The Jack and Jill Story
by Scott Yanow,
author of ten jazz books including The Jazz Singers, Jazz On Record 1917-76 and Jazz On Film
Singer Jill Jensen and guitarist Jack Grassel are a musical love story. Before they met, Jill was a talented jazz singer who also acted in plays, commercials and videos. Jack was a highly rated guitarist who recorded many CDs, written ten guitar instruction books and worked on a countless number of gigs. They teamed up in 1999 when Jill was added to Jack's regular band.
Their first professional gig was at the same club where they met. Already the magic between them was apparent and they were soon married. Jill recalls, “One night the bassist couldn't make it for a trio gig. People said we sounded better without him, so it's been a duo ever since. It's great because 'the whole band' shows up on time and fits in one car!”
Since 2005, Jill Jensen and Jack Grassel have performed extensively as a duo, delighting audiences with exciting renditions of jazz. “Jack refined his abilities to play melody, harmony and bass lines together, so we're able to get a very big sound for two people,” says Jill. Jack adds, “I've played around 12,000 gigs in my life, 11,000 of them without Jill. Playing the last 1,000 gigs with someone I love adds an extra dimension to the music."
Now with the release of the CD Jack And Jill Jazz, their artistry is fully on display.
Jack and Jill are always interested in traveling (they tour in Mexico each January), and in playing jazz festivals, concerts and fine venues. However they're quick to add that they both love being home in Wisconsin. “We live on a bike trail near beautiful Lake Michigan where we enjoy the drama of the seasons, and family".
Jack, who grew up in Milwaukee, was a performer from practically the beginning of his life. At the age of three he started on accordion, performing on radio and television as part of The Bar O Ranch shows and being featured in concerts when he was four. He also worked as a pianist and bassist but doesn't feel he found his own voice until he switched to guitar. Jack was a professional guitarist by 1970, playing constantly in the studios, for shows and at jazz clubs. He had as many as 20 gigs a week, day and night, seven nights a week. Along the way he studied with George Van Eps for three years (“he showed me how to play octaves in a way that was faster than Wes Montgomery”), Tal Farlow for four years (“I learned most of the techniques that he pioneered including harmonics and polytonality”) and with Jimmy Wyble (“he showed me his contrapuntal technique in which he had two melody lines going simultaneously”). Of his gigs with name artists, Jack is most proud of his duets with Luciano Pavarotti before 10,000 people.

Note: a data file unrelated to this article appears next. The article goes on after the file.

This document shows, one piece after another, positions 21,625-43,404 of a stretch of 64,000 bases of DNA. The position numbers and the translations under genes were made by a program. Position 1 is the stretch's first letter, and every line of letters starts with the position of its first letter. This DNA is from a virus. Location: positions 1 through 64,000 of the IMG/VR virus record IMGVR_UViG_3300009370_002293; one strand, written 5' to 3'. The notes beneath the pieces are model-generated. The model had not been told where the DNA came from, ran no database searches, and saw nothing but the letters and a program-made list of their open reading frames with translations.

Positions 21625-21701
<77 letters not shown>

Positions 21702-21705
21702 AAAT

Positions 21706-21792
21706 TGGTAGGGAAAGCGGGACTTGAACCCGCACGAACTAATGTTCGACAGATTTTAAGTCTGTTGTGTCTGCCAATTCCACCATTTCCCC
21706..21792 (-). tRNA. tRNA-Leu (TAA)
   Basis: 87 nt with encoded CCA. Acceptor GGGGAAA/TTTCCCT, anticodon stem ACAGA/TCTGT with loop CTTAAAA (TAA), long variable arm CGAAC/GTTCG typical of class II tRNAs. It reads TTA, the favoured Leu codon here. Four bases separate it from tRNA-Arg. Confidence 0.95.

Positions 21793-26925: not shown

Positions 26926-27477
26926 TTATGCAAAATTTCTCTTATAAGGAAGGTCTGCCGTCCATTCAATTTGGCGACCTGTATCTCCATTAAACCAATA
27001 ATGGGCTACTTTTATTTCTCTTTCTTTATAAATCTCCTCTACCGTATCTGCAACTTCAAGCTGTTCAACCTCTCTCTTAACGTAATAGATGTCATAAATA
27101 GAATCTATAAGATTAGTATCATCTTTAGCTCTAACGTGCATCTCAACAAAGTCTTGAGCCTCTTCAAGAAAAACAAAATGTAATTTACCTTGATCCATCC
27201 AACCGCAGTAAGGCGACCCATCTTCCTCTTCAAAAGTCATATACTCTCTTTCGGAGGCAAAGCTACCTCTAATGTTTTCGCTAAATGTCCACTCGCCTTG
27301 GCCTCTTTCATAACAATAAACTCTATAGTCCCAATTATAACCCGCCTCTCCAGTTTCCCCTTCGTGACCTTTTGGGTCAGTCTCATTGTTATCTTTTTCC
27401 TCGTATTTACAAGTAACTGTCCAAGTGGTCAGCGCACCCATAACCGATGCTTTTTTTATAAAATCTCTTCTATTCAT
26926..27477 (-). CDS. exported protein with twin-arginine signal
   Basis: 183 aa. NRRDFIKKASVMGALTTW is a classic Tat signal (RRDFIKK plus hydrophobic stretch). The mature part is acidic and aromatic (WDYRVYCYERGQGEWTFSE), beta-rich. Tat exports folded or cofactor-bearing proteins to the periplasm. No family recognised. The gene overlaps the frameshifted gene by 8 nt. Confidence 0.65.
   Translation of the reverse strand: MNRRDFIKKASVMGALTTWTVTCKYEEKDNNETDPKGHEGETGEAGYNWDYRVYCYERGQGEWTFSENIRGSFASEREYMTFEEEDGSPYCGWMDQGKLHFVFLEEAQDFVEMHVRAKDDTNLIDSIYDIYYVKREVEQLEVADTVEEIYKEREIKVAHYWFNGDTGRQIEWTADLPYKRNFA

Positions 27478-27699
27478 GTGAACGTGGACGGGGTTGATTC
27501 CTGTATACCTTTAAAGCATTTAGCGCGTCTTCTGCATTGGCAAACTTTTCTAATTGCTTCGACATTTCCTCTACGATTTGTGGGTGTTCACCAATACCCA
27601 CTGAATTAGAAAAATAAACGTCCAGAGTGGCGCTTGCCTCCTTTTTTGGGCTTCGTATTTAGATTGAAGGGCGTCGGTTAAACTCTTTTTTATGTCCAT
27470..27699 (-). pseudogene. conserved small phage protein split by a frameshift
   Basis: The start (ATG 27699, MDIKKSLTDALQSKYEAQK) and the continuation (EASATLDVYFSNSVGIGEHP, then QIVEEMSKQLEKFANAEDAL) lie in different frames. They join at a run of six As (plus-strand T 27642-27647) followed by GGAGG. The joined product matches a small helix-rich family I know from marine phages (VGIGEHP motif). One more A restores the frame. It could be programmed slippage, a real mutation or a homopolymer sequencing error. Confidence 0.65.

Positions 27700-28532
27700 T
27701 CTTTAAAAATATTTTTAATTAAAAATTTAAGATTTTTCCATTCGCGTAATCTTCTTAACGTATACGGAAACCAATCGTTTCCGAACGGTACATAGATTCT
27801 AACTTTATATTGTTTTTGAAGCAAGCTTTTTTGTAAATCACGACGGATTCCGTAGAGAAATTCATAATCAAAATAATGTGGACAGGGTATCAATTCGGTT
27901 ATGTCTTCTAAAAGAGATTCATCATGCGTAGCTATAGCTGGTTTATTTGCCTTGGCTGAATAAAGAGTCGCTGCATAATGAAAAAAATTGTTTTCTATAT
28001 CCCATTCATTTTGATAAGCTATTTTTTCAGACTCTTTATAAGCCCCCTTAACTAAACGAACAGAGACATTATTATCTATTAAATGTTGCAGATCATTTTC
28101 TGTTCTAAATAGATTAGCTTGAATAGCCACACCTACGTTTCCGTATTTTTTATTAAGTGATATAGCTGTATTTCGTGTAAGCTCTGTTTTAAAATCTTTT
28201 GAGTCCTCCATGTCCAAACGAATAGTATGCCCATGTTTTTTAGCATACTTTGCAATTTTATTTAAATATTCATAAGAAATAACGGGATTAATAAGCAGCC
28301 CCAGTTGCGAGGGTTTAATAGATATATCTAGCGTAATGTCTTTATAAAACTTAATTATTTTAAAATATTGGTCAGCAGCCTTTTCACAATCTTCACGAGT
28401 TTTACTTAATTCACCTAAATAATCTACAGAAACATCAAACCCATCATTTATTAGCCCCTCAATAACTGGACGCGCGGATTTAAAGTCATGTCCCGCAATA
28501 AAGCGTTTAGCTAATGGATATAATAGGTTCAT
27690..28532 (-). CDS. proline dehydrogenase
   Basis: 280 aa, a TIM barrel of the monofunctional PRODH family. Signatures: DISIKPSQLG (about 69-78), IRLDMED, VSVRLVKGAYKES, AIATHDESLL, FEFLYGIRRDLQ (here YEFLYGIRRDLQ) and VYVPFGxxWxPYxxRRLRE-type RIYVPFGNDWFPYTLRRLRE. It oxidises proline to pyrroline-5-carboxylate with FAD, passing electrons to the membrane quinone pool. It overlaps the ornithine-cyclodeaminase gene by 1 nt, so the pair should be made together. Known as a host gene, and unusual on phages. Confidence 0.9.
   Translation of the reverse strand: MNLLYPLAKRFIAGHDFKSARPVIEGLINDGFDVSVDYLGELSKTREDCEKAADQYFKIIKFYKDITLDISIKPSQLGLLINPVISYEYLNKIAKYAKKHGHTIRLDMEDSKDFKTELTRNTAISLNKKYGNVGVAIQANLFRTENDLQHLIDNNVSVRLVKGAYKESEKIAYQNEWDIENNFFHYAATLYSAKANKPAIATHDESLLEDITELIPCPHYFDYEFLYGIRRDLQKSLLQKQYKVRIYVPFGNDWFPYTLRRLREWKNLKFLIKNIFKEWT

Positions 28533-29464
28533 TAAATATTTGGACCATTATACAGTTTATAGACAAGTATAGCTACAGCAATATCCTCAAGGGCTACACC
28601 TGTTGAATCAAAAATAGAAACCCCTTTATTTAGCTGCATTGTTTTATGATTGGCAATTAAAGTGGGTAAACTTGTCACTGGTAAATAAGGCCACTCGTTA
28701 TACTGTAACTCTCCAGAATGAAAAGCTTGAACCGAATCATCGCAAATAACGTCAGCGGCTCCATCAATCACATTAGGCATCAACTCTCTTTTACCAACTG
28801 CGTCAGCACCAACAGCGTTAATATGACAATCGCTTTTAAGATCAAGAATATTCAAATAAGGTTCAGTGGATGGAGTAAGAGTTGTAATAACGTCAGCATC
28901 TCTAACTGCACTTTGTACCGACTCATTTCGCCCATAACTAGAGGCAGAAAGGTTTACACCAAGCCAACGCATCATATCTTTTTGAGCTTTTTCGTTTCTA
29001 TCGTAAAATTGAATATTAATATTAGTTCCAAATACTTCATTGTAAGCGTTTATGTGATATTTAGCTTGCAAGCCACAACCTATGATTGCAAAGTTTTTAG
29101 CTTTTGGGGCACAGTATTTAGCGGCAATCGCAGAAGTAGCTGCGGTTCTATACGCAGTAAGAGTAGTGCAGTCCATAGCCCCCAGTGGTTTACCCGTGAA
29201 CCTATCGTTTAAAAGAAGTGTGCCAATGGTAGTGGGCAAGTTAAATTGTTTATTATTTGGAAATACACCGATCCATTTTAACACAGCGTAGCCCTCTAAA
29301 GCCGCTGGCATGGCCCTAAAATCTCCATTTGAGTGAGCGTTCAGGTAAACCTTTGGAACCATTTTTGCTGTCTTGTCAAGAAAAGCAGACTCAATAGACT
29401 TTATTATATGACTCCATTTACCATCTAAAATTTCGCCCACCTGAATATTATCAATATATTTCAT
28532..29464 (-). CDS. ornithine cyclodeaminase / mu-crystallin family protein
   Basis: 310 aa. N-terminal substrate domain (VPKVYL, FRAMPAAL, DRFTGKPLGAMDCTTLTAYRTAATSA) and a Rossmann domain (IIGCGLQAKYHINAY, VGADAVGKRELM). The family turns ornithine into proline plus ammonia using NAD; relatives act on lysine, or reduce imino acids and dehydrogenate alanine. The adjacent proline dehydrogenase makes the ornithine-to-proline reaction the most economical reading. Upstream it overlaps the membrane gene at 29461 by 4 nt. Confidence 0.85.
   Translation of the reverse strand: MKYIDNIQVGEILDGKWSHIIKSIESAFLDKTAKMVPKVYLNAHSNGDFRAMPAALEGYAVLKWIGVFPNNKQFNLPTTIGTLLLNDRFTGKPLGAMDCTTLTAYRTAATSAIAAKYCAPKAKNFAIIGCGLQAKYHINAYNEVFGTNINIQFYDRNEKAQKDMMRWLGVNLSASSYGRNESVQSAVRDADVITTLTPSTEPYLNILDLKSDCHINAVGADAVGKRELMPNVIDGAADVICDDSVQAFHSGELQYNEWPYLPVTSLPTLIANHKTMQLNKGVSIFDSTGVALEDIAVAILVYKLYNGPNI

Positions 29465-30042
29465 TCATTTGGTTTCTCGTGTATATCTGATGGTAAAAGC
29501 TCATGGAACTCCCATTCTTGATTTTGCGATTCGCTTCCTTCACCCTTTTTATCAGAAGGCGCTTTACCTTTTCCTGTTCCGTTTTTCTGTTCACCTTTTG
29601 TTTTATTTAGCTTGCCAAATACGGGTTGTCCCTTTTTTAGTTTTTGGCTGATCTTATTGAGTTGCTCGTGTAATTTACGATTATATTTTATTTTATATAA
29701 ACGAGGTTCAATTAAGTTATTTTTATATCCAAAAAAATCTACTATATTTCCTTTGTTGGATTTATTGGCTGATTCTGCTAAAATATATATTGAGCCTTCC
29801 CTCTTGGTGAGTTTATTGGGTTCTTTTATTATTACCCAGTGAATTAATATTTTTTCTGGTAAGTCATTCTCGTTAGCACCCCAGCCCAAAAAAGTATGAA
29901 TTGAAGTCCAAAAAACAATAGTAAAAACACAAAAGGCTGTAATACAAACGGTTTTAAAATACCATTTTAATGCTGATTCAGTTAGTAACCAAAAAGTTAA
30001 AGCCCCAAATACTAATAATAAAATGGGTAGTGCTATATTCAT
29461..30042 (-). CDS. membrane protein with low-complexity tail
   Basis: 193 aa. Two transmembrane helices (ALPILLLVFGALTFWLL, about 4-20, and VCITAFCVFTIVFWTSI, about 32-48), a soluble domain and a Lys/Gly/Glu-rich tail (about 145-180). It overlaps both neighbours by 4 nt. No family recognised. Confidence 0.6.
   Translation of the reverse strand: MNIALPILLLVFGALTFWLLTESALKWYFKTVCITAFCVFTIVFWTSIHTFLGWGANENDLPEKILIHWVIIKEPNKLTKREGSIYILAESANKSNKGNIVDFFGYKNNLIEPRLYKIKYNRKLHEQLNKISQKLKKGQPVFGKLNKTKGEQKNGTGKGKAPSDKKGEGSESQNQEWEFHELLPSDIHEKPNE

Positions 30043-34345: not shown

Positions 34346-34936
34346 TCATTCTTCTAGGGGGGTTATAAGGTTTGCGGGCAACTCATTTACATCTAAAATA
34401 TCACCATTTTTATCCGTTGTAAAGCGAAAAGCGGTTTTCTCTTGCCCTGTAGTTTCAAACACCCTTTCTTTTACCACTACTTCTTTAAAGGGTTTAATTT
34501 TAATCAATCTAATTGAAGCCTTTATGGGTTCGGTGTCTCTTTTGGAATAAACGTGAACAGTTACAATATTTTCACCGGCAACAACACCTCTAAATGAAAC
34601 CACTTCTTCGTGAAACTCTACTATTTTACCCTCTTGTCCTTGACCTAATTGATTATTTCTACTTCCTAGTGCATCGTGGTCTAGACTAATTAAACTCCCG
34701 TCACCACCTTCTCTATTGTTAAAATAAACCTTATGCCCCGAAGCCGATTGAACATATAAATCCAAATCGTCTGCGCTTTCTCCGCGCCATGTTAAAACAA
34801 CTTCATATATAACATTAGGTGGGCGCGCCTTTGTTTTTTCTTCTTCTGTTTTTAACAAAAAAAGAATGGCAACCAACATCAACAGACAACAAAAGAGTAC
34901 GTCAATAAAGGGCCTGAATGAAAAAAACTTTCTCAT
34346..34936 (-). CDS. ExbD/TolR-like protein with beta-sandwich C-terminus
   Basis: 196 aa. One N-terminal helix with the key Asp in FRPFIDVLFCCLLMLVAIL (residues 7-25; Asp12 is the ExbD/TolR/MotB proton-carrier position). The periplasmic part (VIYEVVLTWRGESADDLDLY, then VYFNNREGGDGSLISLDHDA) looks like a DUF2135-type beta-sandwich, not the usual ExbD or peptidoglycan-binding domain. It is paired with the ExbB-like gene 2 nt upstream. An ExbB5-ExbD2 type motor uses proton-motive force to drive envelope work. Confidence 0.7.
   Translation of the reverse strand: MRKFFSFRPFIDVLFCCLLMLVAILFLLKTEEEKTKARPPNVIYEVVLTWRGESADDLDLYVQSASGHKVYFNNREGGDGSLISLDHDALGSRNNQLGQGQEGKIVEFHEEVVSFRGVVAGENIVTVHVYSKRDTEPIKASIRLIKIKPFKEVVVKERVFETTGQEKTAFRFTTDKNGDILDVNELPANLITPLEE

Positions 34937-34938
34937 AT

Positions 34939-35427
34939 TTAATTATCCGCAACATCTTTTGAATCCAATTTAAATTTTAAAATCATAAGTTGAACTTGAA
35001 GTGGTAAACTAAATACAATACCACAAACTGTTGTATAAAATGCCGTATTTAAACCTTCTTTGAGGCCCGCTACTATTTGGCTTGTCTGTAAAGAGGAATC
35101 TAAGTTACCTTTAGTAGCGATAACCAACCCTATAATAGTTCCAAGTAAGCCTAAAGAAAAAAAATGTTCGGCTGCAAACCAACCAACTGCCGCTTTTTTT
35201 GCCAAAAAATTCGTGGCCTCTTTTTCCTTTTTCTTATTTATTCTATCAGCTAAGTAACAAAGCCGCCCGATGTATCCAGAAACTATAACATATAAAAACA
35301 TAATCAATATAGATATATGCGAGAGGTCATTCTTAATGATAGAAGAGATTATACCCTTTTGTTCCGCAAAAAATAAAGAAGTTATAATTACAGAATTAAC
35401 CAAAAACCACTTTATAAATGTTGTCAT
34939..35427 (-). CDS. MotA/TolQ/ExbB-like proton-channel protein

As an educator Grassel has written ten books on guitar techniques. “When I began writing books in 1970, there was little in print to help a guitarist play at the level of a saxophonist or pianist. There aren't guitarists on the historically important jazz recordings. What I've tried to do is take the guitar past its limitations. Every one of my books is designed to push the abilities of guitarists past where they had been.”
Jill was born and raised in Racine, Wisconsin. Early on she explored her parent's recordings of jazz, big bands and swing. “In my baby book, my mother wrote that my first sentences were 'Where's the music?' and 'See my pretty dress.' Jack says I'm just taller now. Starting at age one, I sang to my records all day long on my very own player. If guests came over, I'd have to sing for them.” Prior to meeting Jack, Jill had a wide-ranging career that included singing with bands, acting in shows put on by local community theaters, doing narration for city projects, working on videos, TV and radio commercials, and having the musical lead in a cultural exchange play presented in Tbilisi, Georgia (formerly of U.S.S.R.).
Jack remembers how he met Jill, “I didn't know her, but I'd stay up late just to see her in TV commercials. Many years later, she came to one my gigs. I talked with her a little bit but didn't see her again for another ten years until she appeared, same place, at another gig of mine. That time I talked more to her. We started dating and got close. And then I found out that she sang!” They admit wanting to keep the music apart from their relationship. “Jack is such a phenomenal musician that I was afraid to have him hear me and I think he was afraid to hear me sing,” says Jill. “It was six months after we were together before I sang for him. While teaching at The National Guitar workshop in Connecticut, he accompanied me at a recital and that was it.” “When we were finished playing together that first time,” remembers Jack, “I looked at her in thrilled amazement and said 'WE CAN DO THIS!.” “I had goose bumps!” adds Jill. “We both knew it was a profound, life-altering moment for us.”
The growing musical legacy of Jack Grassel and Jill Jensen can best be summed up by a comment made to them recently from a fan: “I've always heard love songs, but the two of you are a love song.”